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Vaughn v. Woodford

October 19, 2009

FRANK DERELL VAUGHN, PETITIONER,
v.
J.S. WOODFORD, DIRECTOR, RESPONDENT.



The opinion of the court was delivered by: Hon. Jeffrey T. Miller United States District Judge

ORDER (1) GRANTING MOTION TO VACATE STAY; (2) DENYING MOTION TO AMEND PETITION FOR WRIT OF HABEAS CORPUS; AND (3) DENYING REQUEST FOR APPOINTMENT OF COUNSEL (Doc. No. 26, 28)

On July 24, 2006, Petitioner, a state prisoner proceeding pro se, filed a Petition for Writ of Habeas Corpus in this court challenging his conviction. On January 8, 2007, Petitioner filed a Motion for a 120-day Stay and Abeyance of the federal proceedings to allow the state court to review two additional claims. Petitioner also filed a Motion to Amend his original federal petition to include the two claims. On June 5, 2007, this court granted the stay but denied the leave to amend as premature. Following the California Supreme Court's denial of his state habeas petition, Petitioner now moves this court to vacate the stay and grant his request for leave to amend, and also requests appointment of counsel. The government does not oppose vacating the stay but does oppose Petitioner's motion to amend.For the reasons set forth below, the court GRANTS Petitioner's motion to vacate the stay, DENIES Petitioner's motion to amend, and DENIES Petitioner's request for appointment of counsel.

I. BACKGROUND

On March 18, 2003, Petitioner was convicted in California state court of one count of robbery, one count of second degree burglary, and one count of kidnaping for purpose of robbery. For these convictions, Petitioner was sentenced to an indeterminate term of life in prison and a consecutive five-year term. (Lodgment No. 3.) On April 28, 2005, the California Court of Appeal denied Petitioner's appeal. (Lodgment No. 7.) Thereafter, on July 27, 2005, the California Supreme Court denied a Petition for writ of review. (Lodgment No. 9.) On October 25, 2005, the judgment of conviction was rendered final for purposes of the statute of limitations governing federal habeas petitions.*fn1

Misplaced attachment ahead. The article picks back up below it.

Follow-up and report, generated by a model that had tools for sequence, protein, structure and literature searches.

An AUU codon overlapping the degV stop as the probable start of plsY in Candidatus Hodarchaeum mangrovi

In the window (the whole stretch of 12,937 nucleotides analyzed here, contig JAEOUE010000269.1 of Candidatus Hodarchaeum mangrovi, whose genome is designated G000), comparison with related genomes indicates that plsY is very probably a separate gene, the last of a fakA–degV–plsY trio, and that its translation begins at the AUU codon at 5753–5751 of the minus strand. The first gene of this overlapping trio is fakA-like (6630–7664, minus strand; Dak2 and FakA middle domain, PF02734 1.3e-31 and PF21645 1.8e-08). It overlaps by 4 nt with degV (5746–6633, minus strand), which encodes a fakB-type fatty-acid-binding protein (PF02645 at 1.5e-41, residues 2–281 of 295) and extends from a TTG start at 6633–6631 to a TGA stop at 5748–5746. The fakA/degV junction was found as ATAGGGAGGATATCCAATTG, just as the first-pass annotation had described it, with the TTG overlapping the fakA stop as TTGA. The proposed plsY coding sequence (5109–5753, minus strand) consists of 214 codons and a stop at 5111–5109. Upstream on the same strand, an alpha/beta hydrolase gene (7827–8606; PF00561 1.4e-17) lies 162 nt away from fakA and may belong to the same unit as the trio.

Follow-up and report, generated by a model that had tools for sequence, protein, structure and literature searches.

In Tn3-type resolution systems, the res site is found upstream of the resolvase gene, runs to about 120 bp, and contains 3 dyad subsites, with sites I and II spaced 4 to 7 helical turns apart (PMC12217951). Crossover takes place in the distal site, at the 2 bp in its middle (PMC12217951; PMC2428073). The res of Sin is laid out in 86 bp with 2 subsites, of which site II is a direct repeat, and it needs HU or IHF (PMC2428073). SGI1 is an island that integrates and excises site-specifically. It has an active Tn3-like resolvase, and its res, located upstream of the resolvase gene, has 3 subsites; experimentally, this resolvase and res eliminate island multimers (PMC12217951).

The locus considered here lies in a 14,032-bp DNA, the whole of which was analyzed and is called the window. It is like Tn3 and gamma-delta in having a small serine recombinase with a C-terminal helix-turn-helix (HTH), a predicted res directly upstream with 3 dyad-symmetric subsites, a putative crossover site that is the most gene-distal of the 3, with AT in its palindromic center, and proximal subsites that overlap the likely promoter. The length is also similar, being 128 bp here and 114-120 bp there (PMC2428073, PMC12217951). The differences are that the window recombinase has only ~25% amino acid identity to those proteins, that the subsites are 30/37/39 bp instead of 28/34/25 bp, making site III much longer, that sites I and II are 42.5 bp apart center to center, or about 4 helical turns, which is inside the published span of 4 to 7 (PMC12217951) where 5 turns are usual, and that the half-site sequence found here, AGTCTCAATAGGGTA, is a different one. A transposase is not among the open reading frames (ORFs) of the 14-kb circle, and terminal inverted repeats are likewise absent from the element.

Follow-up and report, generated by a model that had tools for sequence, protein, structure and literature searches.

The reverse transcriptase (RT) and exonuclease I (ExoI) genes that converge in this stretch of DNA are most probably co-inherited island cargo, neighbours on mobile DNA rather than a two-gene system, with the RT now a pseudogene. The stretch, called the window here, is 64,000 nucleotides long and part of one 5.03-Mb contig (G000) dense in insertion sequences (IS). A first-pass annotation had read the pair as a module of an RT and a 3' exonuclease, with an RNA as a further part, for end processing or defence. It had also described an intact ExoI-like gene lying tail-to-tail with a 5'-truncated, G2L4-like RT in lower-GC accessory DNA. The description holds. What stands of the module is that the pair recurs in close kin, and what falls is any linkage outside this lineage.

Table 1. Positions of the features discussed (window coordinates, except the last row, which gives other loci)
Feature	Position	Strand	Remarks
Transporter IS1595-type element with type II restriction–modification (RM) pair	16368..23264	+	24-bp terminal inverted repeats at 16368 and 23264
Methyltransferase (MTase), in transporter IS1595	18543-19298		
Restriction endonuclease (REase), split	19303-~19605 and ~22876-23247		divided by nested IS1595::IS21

On July 24, 2006, within the one year statute of limitations period governed by the Antiterrorism and Effective Death Penalty Act ("AEDPA"), Petitioner filed a Petition for Writ of Habeas Corpus in this court pursuant to 28 U.S.C. § 2254. (Doc. No. 1.) Petitioner initially alleged: (1) his constitutional right not to be placed twice in jeopardy was violated; and (2) his due process rights were violated because the prosecution failed to prove an element of the offense of kidnaping for robbery. (See Doc. No. 1.)

On December 22, 2006, May 29, 2008, and January 2, 2009, Petitioner filed petitions for writs of habeas corpus in the state superior, appellate, and supreme courts raising two additional ineffective assistance of counsel claims ("IAC" claims). On January 3, 2007, Petitioner filed a Motion to Stay the federal proceedings pending exhaustion of his claims in state court, and also filed a Motion to Amend his federal petition to include the two additional claims. On June 5, 2007, this Court granted the stay but denied the leave to amend as premature. On June 10, 2009, the California Supreme Court denied Petitioner's final state habeas petition. (Lodgement No. 19.)

Petitioner now asks the court to vacate the Stay and permit him to amend his federal Petition with the two new IAC claims. (Doc. No. 26, 28.) Respondent does not oppose vacating the Stay but opposes Petitioner's Motion to Amend as barred by the statute of limitations. (Doc. No. 30.)

II. DISCUSSION

A. The 120-Day Stay Should be Vacated

Petitioner seeks to vacate the 120-day stay of the federal proceeding because his state collateral claims are now fully exhausted. Respondent does not oppose vacating the stay. Accordingly, the stay should be vacated.

B. Petitioner's Motion to Amend is Barred by AEDPA's One-Year Statute of Limitations

1. Legal Standards

The AEDPA sets a one-year statute of limitations for state prisoners to file complaints in federal court seeking collateral review ...


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